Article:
Clearly, the discovery of drift gravel below the river bed proved the gorge was not formed by this process, but indicated the river had merely removed unconsolidated drift gravel and sand, like that which remained below the present river bed. This erosion could occur in a much shorter period of time than the age Charles Lyell and others had proposed, for the time required for the gorge to have formed. Lyell's estimate was approx. 35,000 years. Nevertheless, at the Canadian Falls, a "sapping" process does cause steady retreat of the falls upstream, by collapse of the hard Lockport Dolostone as the softer shale and sandstones below are eroded.
At least five cataracts, similar to the present one, spilled over the Niagara Escarpment, before the present gorge was excavated. Evidence for these former outlets exists at Holley, Medina, Gasport, Lockport, and Lewiston, all in NY. Conventional theory says these outlets were associated with an ancient lake called Lake Tonawanda; this lake probably existed for only a brief period during the drainage of a former much larger Lake Erie, as the land was uplifted.
The drainage from the Lake Erie basin became confined to its most westerly outlet as the Niagara gorge was excavated. Most of the present gorge was probably eroded by a much larger volume of water than the present Niagara River. Traces of the former river bed can be found at various sites, high above the present river; for example at Niagara Glen. Smeaton Ravine, on the Canadian side, was the site of a small, temporary waterfall, 46 m wide. This torrent eroded a gorge 152 m long, and emptied into the Niagara River. The former more powerful currents probably eroded most of the gorge in a relatively short time span.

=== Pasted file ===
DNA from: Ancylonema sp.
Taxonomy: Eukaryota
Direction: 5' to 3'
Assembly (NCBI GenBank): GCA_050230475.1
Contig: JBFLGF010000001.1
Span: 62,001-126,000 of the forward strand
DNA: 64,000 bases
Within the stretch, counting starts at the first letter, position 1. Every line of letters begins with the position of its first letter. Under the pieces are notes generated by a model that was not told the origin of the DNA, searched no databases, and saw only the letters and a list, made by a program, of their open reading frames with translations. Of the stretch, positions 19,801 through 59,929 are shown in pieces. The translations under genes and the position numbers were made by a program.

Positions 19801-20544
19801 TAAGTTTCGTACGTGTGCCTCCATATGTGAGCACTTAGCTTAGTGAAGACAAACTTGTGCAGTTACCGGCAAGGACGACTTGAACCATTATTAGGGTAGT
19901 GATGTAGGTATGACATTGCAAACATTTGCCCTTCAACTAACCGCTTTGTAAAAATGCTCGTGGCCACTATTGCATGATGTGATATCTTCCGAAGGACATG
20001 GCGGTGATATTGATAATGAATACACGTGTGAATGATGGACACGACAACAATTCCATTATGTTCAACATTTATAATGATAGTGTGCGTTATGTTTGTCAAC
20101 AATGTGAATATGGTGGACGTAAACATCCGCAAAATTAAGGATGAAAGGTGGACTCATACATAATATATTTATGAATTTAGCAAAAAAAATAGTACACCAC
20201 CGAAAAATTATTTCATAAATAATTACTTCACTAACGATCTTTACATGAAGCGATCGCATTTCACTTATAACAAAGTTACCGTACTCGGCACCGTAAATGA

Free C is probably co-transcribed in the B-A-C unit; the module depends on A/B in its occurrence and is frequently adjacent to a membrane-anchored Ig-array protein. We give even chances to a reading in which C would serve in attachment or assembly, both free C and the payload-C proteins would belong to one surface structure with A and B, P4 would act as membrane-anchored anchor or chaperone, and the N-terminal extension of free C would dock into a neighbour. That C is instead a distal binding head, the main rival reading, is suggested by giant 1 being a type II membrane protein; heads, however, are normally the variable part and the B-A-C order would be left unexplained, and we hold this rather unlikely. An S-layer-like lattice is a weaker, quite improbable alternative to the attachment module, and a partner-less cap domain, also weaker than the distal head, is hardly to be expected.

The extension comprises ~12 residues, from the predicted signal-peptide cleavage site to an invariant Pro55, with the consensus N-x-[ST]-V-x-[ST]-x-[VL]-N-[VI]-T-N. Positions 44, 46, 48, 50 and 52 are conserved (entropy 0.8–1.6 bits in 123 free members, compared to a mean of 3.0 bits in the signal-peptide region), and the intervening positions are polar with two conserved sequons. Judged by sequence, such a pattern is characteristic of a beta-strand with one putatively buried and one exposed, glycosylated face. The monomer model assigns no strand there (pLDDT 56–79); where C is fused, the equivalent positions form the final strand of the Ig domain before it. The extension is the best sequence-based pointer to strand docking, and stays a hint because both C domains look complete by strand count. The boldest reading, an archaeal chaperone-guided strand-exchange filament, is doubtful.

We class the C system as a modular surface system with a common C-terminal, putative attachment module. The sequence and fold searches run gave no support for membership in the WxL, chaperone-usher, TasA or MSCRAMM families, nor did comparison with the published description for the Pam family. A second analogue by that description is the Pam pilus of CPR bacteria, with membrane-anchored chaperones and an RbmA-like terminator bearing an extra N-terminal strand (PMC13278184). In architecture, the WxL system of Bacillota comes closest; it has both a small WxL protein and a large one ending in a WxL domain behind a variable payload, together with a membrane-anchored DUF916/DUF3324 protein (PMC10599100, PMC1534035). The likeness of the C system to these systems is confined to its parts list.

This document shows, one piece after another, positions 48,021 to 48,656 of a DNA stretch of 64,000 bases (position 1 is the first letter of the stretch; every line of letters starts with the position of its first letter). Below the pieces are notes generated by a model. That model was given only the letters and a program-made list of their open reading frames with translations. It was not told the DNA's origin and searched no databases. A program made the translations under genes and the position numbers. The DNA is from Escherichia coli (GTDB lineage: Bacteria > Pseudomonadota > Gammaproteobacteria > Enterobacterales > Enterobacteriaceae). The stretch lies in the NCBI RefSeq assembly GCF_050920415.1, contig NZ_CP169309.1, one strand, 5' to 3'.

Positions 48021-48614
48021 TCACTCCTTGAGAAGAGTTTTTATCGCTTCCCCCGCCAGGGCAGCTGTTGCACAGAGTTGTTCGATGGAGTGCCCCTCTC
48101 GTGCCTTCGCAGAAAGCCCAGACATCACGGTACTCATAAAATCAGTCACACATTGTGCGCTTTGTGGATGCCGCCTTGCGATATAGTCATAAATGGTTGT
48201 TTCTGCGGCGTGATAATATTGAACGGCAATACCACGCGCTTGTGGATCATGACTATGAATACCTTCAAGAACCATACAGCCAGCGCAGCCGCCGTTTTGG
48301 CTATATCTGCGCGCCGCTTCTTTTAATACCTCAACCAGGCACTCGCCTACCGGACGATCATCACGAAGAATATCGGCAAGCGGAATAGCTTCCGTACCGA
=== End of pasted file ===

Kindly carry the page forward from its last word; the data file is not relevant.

Conventional theory says a pre-glacial river eroded the upper part of the Niagara River Gorge, and the St David gorge, but this gorge was filled up with glacial drift by the glaciers. The pre-existing channel was partly re-excavated by the existing Niagara River.
A new alternative explanation is that the drift within the Niagara Gorge was formed by an in situ disintegration process, during the retreat of the flood waters, when the basins of the Great Lakes were excavated by the fast currents generated by tectonic movements. This unconsolidated drift sand and gravel of the Niagara Gorge was excavated by retreating flood waters that drained the Lake Erie basin. At the Whirlpool, the course of the ancient drift filled valley split; one part was excavated by the currents, and the other remained unexcavated. The filled valley, 300 m wide and about 90 m deep, is the St. David buried gorge. [ See map .] Well log data indicates other similar buried valleys occur below the surface in the area of the present town of Niagara Falls in Ontario. Some of these are upstream from the site of the present falls.